last month I reported that the fantastic but slightly dishevelled New Inn at Hadlow Down in Sussex appeared to be destined for some dreadful enforced "renaissance" from pub and defunct hotel to a restaurant with swanky new hotel and crappy landscaping thrown in. Regrettably in the world of unspoilt pubs, this is not exactly unusual.
Buildings, ignoring the inconvenience of the pub within them, are often seen as piles of cash rather than redoubtable retainers of atmosphere and shared history who's preservation serves to remind future visitors of the stories once told and played out in their walls. The Horse and Trumpet in Medbourne, Rutland ,sadly a pub I never got to visit, was a good example of the worth of the location and the mass of building creating a price tag so high as to render any suggestion of continuing its use as a basic public house unfeasible. I understand the hours were restrictive and trade had diminished, and the owners (or owners family) decided to call it a day.
Admittedly from the photo's in the article on its closure it was a large building, of which the pub was a small part - literally, and in terms of financial contribution - but once it went on the market there was only ever going to be one outcome. (in fact it made the transition to an up-market restaurant, but just like the Crooked Billet in Stoke Row Oxfordshire, thats still a travesty. I understand the restaurant has now closed as well.)
However, sometimes a pub does not have to simply slip into oblivion. My good friend Steve lives in Hastings, approximately 1000 miles South in "Sussex" or similar, and he reports a new lease of life for a listed pub on the National Inventory here.
The Havelock, or the General Havelock, is in Hastings and it would appear from different sources, has previously garnered a rather dubious reputation as a place you wouldn't go to read a paper and sup an IPA from a handled beer mug; or for any other reason (and I am not saying that any of those constituent parts are essential in making a pub good). The photo on the Heritage Pubs site Have a look supports this slightly in that it shows the outside to be quite unprepossessing but the interior, particularly the tiled murals, looks amazing.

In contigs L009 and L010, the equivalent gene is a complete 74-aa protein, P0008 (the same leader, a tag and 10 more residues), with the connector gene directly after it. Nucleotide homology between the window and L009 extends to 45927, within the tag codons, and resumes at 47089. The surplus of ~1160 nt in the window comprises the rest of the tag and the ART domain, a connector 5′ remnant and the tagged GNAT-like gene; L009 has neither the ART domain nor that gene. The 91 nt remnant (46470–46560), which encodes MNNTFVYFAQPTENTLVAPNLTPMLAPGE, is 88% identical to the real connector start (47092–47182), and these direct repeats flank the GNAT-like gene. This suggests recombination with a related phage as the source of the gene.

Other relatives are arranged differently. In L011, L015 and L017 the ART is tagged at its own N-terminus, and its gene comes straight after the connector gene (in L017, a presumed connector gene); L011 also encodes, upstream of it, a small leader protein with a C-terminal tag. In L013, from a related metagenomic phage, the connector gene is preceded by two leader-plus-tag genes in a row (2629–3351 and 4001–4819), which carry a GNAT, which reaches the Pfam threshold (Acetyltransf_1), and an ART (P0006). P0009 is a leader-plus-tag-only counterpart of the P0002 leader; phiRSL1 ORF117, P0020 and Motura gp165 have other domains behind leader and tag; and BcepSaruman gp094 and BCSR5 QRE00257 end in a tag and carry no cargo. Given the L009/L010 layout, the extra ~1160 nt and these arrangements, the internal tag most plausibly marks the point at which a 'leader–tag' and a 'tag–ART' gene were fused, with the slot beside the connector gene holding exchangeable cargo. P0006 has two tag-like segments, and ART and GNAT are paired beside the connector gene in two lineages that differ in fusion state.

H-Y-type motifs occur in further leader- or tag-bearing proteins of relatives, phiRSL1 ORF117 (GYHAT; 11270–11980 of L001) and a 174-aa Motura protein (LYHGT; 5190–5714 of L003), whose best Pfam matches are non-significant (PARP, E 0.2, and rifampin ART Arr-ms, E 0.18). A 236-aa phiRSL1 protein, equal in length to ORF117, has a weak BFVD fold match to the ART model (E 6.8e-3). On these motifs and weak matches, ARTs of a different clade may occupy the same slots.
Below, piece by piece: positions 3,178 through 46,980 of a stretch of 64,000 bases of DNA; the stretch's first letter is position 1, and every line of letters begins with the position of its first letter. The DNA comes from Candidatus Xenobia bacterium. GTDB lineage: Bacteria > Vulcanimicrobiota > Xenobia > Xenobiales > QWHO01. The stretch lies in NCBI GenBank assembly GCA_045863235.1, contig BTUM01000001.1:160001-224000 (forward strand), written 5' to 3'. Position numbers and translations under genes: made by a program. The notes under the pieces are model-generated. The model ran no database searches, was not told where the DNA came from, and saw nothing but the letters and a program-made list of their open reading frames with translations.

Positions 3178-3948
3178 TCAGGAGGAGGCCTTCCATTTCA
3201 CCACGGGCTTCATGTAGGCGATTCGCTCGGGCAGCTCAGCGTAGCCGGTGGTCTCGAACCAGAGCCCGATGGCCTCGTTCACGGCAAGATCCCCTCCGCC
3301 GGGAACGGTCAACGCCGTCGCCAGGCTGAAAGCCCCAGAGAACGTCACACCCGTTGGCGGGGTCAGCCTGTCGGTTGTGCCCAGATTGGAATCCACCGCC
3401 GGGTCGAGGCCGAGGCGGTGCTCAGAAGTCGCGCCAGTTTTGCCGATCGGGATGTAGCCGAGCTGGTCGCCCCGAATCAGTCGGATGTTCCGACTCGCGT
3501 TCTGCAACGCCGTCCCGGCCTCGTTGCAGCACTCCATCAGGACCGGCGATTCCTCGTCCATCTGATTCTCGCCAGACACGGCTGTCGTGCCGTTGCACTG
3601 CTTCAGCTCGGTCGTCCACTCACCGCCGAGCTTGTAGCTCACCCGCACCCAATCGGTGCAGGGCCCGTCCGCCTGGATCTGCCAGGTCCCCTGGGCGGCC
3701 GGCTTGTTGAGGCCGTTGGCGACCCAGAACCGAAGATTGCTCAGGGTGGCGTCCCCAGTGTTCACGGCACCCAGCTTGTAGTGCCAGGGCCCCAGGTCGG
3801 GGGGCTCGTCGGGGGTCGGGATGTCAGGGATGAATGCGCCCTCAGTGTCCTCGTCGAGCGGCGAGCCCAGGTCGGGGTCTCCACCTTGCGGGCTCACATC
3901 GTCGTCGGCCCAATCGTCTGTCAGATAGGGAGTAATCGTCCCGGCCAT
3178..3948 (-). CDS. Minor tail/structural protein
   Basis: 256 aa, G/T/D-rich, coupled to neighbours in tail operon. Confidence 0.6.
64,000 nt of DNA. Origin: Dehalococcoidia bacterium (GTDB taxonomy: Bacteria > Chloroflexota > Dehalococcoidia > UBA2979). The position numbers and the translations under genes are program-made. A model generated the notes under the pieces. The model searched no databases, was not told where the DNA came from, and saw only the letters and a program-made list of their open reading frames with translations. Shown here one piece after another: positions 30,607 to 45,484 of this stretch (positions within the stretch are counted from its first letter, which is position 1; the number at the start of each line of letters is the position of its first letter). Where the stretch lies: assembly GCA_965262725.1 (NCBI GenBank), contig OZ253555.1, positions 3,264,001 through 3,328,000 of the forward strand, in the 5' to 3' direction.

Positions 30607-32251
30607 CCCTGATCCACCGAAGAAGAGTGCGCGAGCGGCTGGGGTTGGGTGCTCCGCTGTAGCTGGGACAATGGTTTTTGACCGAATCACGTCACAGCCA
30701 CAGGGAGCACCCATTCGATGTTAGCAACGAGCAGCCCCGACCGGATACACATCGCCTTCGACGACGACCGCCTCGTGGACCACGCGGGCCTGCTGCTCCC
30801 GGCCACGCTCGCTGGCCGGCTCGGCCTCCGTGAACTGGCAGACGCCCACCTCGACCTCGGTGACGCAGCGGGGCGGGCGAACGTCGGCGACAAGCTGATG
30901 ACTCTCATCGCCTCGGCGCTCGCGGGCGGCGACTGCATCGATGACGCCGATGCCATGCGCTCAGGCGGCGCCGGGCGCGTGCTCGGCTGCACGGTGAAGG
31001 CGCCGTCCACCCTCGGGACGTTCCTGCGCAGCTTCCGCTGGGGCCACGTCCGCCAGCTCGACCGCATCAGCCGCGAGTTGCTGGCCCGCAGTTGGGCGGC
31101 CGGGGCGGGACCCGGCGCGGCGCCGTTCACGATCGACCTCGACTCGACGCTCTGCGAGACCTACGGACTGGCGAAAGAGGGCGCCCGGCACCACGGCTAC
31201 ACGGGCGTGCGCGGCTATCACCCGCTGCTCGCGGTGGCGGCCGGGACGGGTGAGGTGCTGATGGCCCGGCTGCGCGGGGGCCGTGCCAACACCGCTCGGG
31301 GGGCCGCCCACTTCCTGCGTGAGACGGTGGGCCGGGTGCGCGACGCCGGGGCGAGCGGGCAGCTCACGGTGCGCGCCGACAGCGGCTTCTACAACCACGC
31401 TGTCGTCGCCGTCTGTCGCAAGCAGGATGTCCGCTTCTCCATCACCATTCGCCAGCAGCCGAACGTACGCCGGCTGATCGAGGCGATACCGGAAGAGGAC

It appears that delays have befallen a refurbishment of said pub due to its historical legacy. I think this could be seen as a positive development, and is no doubt linked to its English Heritage listing, if nothing else. Steve suggests that on reopening the pub will be selling real ale, which is always good in an unspoilt pub, and always assuming the essential character and layout is not lost, whilst the magnificent tiling is retained, this could be a real bonus for the people of Hastings, and the UK's pub heritage stock.
I have asked Steve to send me photo's when it reopens.....
I have at last found out who RWC, author of the excellent "Classic basic unspoilt pubs of Great Britain" is. Now, all you unspoilt pub aficionados and obsessives will no doubt already know this, but I never knew more than his initials. They stand for Rodney Wolfe Coe (sorry, no idea if hyphen required). This little nugget of info enabled me to find a few more interesting links on the internet (where everything is true remember) and is a satisfying final piece in the jigsaw of understanding who the author was, and whether or not he is still traveling around Britain's best pubs.
I have to credit both Curmudgeon, for a post mentioning the Hop Pole at Risbury (which I was Googling) which led to one respondent mentioning RWC, and the person whom posted that comment, Paul Bailey, who has a beer blog himself. Thanks to both for helping me unravel the mystery.
And crucially, thanks to RWC himself for helping inspire me and many others to seek out traditional unspoilt pubs in the UK.